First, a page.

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CounsellorTroi Tue 30-Nov-21 22:51:33

But what I don't understand is why people without kids would want to take holiday when the kids are off! I'd be avoiding it like the plague ;)

Sometimes you don’t have any choice, e,g if your partner or DH is a teacher.

FrangipaniBlue Tue 30-Nov-21 22:52:54

So you think 80% of the population should not have had children to enable their colleagues to go on holiday? They should give up an instinctive desire & crash the population because of our ridiculous working culture? Who would be nursing you in your old age?

Nobody said they shouldn't have children.

But they should be aware before having them that they will need to have adequate childcare arrangements in place for things like school holidays and that's it's not just a given that they will get first dibs on time off in school holidays!

Glassofshloer Tue 30-Nov-21 22:53:21

KwestTurkey

*So you think 80% of the population should not have had children to enable their colleagues to go on holiday?*

I think it's not up to your colleagues to work every Christmas and summer because of your childcare issues yes.

Offering is great, not even bothered about people asking. But I don't think employers should automatically give priority year in year out no and I don't think any childfree colleague should feel pressured to cancel or swap any holidays they have booked if it clashes with a parents childcare nor should they feel pressured to work every Christmas.

Then you should take it up with your boss, not expect most of the public not to have children hmm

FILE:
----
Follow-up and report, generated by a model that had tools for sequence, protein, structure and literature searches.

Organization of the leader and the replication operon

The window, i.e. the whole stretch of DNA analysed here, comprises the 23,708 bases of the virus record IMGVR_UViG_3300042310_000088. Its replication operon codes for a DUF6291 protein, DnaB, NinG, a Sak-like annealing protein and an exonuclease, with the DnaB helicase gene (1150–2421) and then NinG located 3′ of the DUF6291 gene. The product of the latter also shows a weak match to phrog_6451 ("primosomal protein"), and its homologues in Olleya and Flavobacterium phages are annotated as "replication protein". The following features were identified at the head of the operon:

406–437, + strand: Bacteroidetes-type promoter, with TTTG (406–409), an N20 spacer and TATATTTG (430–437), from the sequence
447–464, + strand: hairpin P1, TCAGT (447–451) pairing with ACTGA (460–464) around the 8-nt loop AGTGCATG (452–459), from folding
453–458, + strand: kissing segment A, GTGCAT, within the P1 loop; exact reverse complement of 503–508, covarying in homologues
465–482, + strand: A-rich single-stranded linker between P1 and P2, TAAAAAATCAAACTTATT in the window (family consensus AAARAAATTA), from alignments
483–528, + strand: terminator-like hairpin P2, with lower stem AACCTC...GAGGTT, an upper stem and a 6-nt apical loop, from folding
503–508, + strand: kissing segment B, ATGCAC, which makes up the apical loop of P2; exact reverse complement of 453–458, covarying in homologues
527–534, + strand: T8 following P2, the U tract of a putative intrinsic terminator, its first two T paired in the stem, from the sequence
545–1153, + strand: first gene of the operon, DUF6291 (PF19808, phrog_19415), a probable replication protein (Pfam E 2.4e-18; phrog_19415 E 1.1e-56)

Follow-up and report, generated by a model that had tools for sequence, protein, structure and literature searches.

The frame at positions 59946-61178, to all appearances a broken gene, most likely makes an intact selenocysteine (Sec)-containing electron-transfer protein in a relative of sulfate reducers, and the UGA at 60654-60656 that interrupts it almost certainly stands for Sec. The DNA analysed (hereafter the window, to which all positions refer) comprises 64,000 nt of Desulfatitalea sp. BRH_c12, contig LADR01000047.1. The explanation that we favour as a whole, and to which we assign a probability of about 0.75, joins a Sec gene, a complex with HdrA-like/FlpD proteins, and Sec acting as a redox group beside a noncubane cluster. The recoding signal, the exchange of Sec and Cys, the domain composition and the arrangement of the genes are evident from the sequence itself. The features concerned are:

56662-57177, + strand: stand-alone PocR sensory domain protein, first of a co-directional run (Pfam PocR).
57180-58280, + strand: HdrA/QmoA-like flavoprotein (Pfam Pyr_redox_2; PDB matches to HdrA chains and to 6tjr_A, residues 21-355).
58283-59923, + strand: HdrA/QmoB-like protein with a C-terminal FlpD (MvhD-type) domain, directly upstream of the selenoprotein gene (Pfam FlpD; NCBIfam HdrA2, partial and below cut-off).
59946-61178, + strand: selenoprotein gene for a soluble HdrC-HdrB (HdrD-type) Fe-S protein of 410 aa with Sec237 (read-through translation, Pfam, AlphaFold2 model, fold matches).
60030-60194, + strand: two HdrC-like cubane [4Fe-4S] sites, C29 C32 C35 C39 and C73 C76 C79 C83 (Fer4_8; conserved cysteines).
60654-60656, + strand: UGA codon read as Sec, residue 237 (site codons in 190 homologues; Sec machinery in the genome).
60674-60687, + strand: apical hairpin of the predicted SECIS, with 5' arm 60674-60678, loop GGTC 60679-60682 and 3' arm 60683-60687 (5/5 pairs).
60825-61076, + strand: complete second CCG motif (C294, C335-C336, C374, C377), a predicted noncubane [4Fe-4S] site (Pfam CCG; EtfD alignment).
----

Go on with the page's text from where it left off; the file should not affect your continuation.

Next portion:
KwestTurkey Tue 30-Nov-21 22:53:26

user0176

I don't think first come first served is fair, we al know the people that jump on it otherwise, but a rota system of sorts, so I always made sure we took it in turns to work in the bit between Christmas, regardless of family circumstances (was quite easy to do in a low turnover environment, appreciate that might not work everywhere). That was a few years ago, thankfully it's not too much of an issue now though I offer to leave my work phone on if everyone is off.

Thinking about it you're definitely right about first come first served. Rota makes more sense, especially for things like Christmas.

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Coldilox Tue 30-Nov-21 22:53:43

Glassofshloer people don’t need to not have babies, they just need to organise and pay for childcare. It’s what most working parents do.

KwestTurkey Tue 30-Nov-21 22:54:06

Then you should take it up with your boss, not expect most of the public not to have children

I didn't say they shouldn't, I just said it wasn't their colleagues problem.

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Brunilde Tue 30-Nov-21 22:54:16

I don't think it should be expected but I do think it's nice for colleagues to consider each other. Before I had kids I would leave Xmas eve for people who had young kids as I do think it's a special time of year for them, and you don't get many years of them being excited. Now I have young kids my colleagues have said I should get priority. I wouldn't kick off
if I didn't but I do really appreciate it.

Glassofshloer Tue 30-Nov-21 22:54:50

FrangipaniBlue

*So you think 80% of the population should not have had children to enable their colleagues to go on holiday? They should give up an instinctive desire & crash the population because of our ridiculous working culture? Who would be nursing you in your old age?*

Nobody said they shouldn't have children.

But they should be aware before having them that they will need to have adequate childcare arrangements in place for things like school holidays and that's it's not just a given that they will get first dibs on time off in school holidays!

Taking holiday, if granted, is an adequate childcare arrangement. If the allocation is unfair OP should take it up with her boss, not take it out on parents.

KwestTurkey Tue 30-Nov-21 22:55:50

I'm not taking anything out on parents I've simply asked if they should get priority over non parents when employers are looking at annual leave.

I am a parent by the way.